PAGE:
The Blogging Revolution, released by Melbourne University Press in 2008, is a colourful and revelatory account of bloggers around the globe why live and write under repressive regimes - many of them risking their lives in doing so. Antony Loewenstein's travels take him to private parties in Iran and Egypt, internet cafes in Saudi Arabia and Damascus, to the homes of Cuban dissidents and into newspaper offices in Beijing, where he discovers the ways in which the internet is threatening the ruld of governments. Through first-hand investigations, he reveals the complicity of Western multinationals in assisting the restriction of information in these countries and how bloggers are leading the charge for change. The blogging revolution is a superb examination about the nature of repression in the twenty-first century and the power of brave individuals to overcome it. It was released in an updated edition in 2011, post the Arab revolutions, and an updated Indian print version in 2011.
The best-selling book on the Israel/Palestine conflict, My Israel Question - on Jewish identity, the Zionist lobby, reporting from Palestine and future Middle East directions - was released by Melbourne University Press in 2006. A new, updated edition was released in 2007 (and reprinted again in 2008). The book was short-listed for the 2007 NSW Premier's Literary Award. Another fully updated, third edition was published in 2009. It was released in all e-book formats in 2011. An updated and translated edition was published in Arabic in 2012.

Inside the Syrian uprisings and why regime change should be challenged

Events in Syria are notoriously murky and these days reliable information is scarce.

I’m often asked about my views on the uprisings against President Assad and what kind of Syria I would like to see. My book The Blogging Revolutionjust released in an updated format in India – examines the role of the internet inside Syria and how the regime is increasingly using monitoring tools to target activists and critics.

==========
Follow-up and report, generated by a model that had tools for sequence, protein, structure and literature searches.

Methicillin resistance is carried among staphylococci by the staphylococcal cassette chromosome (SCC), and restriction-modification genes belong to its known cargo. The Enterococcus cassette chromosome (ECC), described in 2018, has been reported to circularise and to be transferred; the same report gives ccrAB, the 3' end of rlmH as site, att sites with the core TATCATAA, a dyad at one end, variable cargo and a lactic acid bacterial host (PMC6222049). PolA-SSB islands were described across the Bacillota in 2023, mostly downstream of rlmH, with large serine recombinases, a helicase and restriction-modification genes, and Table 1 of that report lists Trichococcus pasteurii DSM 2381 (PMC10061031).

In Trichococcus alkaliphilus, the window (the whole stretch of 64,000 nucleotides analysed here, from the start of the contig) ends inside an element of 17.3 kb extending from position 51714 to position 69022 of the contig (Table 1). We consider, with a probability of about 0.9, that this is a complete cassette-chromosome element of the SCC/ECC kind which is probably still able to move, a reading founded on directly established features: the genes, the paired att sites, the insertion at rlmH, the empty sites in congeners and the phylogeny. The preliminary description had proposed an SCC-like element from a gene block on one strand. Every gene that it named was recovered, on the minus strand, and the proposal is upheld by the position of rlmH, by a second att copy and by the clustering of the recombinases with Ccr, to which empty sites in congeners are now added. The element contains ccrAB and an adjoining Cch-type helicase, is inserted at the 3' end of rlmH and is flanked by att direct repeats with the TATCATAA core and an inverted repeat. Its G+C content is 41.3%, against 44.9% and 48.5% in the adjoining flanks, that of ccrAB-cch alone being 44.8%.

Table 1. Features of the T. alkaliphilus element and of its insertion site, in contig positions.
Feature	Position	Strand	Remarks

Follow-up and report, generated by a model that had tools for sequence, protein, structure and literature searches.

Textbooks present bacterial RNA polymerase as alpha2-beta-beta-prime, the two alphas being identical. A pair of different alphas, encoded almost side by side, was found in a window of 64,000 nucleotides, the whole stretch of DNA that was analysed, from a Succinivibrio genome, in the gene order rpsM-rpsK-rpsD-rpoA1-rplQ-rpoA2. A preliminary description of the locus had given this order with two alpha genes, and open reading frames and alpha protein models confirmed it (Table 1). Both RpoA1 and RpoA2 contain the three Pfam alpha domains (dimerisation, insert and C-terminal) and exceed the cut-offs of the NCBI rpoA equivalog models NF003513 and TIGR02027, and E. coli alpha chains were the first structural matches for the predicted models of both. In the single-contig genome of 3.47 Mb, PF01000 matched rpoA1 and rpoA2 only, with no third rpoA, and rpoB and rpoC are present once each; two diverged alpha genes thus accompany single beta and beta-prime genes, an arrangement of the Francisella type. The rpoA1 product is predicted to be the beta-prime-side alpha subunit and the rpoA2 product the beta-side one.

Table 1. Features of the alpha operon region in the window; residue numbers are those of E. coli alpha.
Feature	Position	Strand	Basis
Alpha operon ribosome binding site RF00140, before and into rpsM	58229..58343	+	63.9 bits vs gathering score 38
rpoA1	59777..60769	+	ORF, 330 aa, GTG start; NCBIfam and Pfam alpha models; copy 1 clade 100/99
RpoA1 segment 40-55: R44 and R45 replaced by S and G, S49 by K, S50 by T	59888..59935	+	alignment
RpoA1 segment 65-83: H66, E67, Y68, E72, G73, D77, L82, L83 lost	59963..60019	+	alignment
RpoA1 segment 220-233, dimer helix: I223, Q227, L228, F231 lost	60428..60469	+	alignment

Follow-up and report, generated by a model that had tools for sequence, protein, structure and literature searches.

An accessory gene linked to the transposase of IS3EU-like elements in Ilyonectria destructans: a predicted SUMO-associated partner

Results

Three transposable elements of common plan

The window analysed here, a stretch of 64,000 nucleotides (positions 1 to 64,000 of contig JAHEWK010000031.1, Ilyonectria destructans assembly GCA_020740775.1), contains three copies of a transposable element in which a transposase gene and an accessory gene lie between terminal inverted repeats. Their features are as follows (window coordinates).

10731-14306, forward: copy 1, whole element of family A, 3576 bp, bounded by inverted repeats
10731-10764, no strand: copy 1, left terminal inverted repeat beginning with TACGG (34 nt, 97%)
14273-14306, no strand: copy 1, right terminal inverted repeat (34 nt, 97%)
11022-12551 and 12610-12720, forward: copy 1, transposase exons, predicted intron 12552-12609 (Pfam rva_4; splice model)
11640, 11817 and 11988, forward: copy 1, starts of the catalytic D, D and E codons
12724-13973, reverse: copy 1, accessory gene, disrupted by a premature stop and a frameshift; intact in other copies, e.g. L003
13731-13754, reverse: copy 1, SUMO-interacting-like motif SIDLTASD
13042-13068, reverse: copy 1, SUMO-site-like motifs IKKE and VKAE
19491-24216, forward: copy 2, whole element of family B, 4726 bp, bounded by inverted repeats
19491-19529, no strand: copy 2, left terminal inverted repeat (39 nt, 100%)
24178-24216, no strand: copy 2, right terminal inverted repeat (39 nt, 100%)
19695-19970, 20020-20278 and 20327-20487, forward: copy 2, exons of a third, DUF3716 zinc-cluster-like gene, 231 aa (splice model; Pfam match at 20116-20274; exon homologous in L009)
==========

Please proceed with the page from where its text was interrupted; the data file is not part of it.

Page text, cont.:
It’s hard to have much sympathy for Assad himself, a seemingly calm man on television who in fact controls a brutal police state. There’s no doubt that many Western powers, including NATO, would like to see Assad go and a more Western-friendly and pliant person installed. Personally speaking, I wouldn’t shed too many tears if Assad fell – though the views of the Syrian population as a whole are notoriously hard to hear – but we should be very wary of any intervention to unseat Assad. Foreign powers (mostly) don’t have the Syrian people’s interests at heart.

This stunning piece by Ghaith Abdul-Ahad in the Guardian features him crossing the border with the smugglers supplying weapons to Syria‘s fighters:

After eight months of vicious crackdowns by the regime of President Bashar al-Assad, Syria’s revolution is sliding towards civil war. Many in the opposition who have seen their friends and family members disappeared, tortured or shot by the Syrian security forces are looking for ways to fight back.

The smugglers, sensing a business opportunity, have been quick to respond. In the south the weapons come from Lebanon. Here in the north, they are flowing in from Turkey and Iraq.

“We used to smuggle cigarettes coming from Lebanon via Syria,” a portly man told me the night before in Turkey as he channel-hopped between Egyptian chatshows. Since the Syrian uprising began new business opportunities had opened up. “Now we only do weapons,” he said. “Three shipments per day.”

After crossing the border into the north Syrian province of Idlib, we travelled to meet the revolutionary command council with Muhyo, a fighter, and Abu Salim. Abu Salim had made it his job to find weapons and ammunition for the rebels after running out of bullets during a firefight with the regime. .

“When the army came to [the town of] Benish last time, we ambushed a bus filled with security people,” he said. “I had a pistol and eight bullets, but after a few minutes of shooting I had run out. I stood there watching those dogs but had no ammunition. That’s when I decided I would arm every man in my town.”

Now he spends his days driving through villages and deserts, meeting smugglers and weapon dealers, scavenging bullets and old rifles. Each day he comes back with a gun or two and few bags of ammunition. “The last time the army attacked Benish there were 30 Kalashnikovs in the town,” he said. “Now we have more than 600.”